Terms such as “Science 2.0”, “Digital science” and “Open science” encompass trends such as open access to scientific knowledge, citizen science and open peer evaluation systems: new formats for conducting, publishing and disseminating science and research. Started as grass-root initiatives, they have become embedded in the practice of scientific research, and could change how science and research systems function in the future. Thus conventional indicators may fall short in reflecting reputation and impact in the field of science.
Riina Vuorikari, Yves Punie (Editors) Analysis of Emerging Reputation and Funding Mechanisms in the Context of Open Science 2.0 European Commission Joint Research Centre, Institute for Prospective Technological Studies (Report EUR 27244 EN) 2015 [doi:10.2791/84669] Part 1: Analysis of Emerging Reputation Mechanisms for Scholars (David Nicholas, Eti Herman, Hamid R. Jamali) summarises the results presented in three interim reports produced for the Commission and reflects on the policy implications of their findings.
Personalised Learning and Publishing Partnerships (16 June 2015) is a one-day seminar organised by the Society of Learnèd and Professional Publishers — the student experience is a central priority for higher education institutions, and demand for personalised learning coincides with an increasingly diverse student population: have course materials kept pace with student needs? David Nicholas will say what publishers should think about when designing textbooks for the smartphone age.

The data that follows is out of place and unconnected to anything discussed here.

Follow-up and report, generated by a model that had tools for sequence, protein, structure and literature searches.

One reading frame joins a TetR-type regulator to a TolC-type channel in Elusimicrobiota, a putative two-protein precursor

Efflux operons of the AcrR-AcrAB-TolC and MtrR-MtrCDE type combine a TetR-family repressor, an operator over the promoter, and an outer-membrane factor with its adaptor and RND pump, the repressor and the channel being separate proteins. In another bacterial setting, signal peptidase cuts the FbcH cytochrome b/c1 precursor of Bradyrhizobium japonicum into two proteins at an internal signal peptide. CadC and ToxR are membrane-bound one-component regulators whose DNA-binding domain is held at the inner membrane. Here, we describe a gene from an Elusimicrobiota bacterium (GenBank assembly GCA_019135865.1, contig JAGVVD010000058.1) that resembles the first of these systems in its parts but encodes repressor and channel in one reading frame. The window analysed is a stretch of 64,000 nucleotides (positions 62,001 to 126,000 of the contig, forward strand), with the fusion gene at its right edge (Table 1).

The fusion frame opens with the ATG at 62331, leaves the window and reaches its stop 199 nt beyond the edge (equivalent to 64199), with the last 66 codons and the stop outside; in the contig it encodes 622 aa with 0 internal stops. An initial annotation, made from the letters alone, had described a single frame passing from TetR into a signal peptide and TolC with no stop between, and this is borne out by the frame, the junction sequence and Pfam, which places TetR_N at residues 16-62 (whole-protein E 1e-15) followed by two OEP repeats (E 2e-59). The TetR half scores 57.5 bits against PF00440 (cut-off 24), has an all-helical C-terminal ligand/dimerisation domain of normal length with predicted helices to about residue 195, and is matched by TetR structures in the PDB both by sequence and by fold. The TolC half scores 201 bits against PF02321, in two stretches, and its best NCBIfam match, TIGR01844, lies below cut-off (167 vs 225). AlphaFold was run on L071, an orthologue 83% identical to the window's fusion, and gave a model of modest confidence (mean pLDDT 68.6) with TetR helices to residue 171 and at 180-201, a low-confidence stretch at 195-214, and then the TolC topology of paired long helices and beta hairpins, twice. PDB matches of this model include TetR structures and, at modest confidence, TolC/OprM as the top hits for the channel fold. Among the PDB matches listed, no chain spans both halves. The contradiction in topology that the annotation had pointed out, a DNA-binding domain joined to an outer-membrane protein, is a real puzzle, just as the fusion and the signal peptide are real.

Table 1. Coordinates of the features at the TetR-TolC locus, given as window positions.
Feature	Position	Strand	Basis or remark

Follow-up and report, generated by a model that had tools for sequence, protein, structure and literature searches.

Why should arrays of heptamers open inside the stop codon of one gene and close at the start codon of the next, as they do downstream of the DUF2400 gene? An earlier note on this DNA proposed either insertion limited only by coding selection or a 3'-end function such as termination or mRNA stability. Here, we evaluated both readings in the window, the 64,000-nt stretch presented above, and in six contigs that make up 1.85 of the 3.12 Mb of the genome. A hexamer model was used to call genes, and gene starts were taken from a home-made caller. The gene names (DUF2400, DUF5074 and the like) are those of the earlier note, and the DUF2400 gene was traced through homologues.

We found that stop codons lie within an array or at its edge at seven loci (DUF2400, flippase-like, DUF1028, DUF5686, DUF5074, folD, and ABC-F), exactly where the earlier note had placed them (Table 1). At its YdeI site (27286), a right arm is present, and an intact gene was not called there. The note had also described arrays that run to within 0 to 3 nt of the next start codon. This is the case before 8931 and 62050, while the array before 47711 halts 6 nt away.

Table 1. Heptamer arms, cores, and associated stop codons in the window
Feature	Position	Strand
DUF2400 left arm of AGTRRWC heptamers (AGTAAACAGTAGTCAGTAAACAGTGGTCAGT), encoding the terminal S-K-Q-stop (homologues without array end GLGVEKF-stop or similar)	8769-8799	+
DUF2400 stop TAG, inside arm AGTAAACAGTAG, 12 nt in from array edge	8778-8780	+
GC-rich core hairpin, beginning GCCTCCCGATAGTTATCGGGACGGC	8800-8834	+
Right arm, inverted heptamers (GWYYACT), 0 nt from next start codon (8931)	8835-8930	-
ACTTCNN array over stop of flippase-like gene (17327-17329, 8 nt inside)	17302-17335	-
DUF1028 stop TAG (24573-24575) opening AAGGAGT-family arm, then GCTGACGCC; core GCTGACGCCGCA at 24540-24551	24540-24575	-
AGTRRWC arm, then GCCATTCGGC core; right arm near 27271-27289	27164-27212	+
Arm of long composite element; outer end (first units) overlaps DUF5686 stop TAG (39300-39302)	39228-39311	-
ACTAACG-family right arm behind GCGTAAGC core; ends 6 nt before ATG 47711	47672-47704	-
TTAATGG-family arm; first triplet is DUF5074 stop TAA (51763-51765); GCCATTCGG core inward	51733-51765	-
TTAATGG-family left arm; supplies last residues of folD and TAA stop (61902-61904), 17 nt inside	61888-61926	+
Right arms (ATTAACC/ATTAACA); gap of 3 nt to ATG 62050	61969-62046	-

'E-books — are we ready yet? A LIHNN/Yorkshire & the Humber study day (4th June 2015) looking at issues and potential solutions around library provision of e-books for health care library and information professionals. The Park Royal Hotel, Warrington. David Nicholas will talk about E-books: use, information seeking and reading behaviour.
Anthony Watkinson has given an interview to the editor of Bibliotek Information Technologie, Rafael Ball in which he describes his interest over forty-years in the transfer of scientific communication from print to digital media.
Arguments and logic sound? Research data credible? Read the full-text? Humanities scholars are more likely to read the full-text, consider the medium of discovery and dissemination, and assess the author, journal and publisher; but they are less likely to go by the abstract or take into account usage data.
Information Science in an Age of Change, 11–12 May 2015, Warsaw. David Nicholas Trust in scholarly communications in the digital age: the humanities
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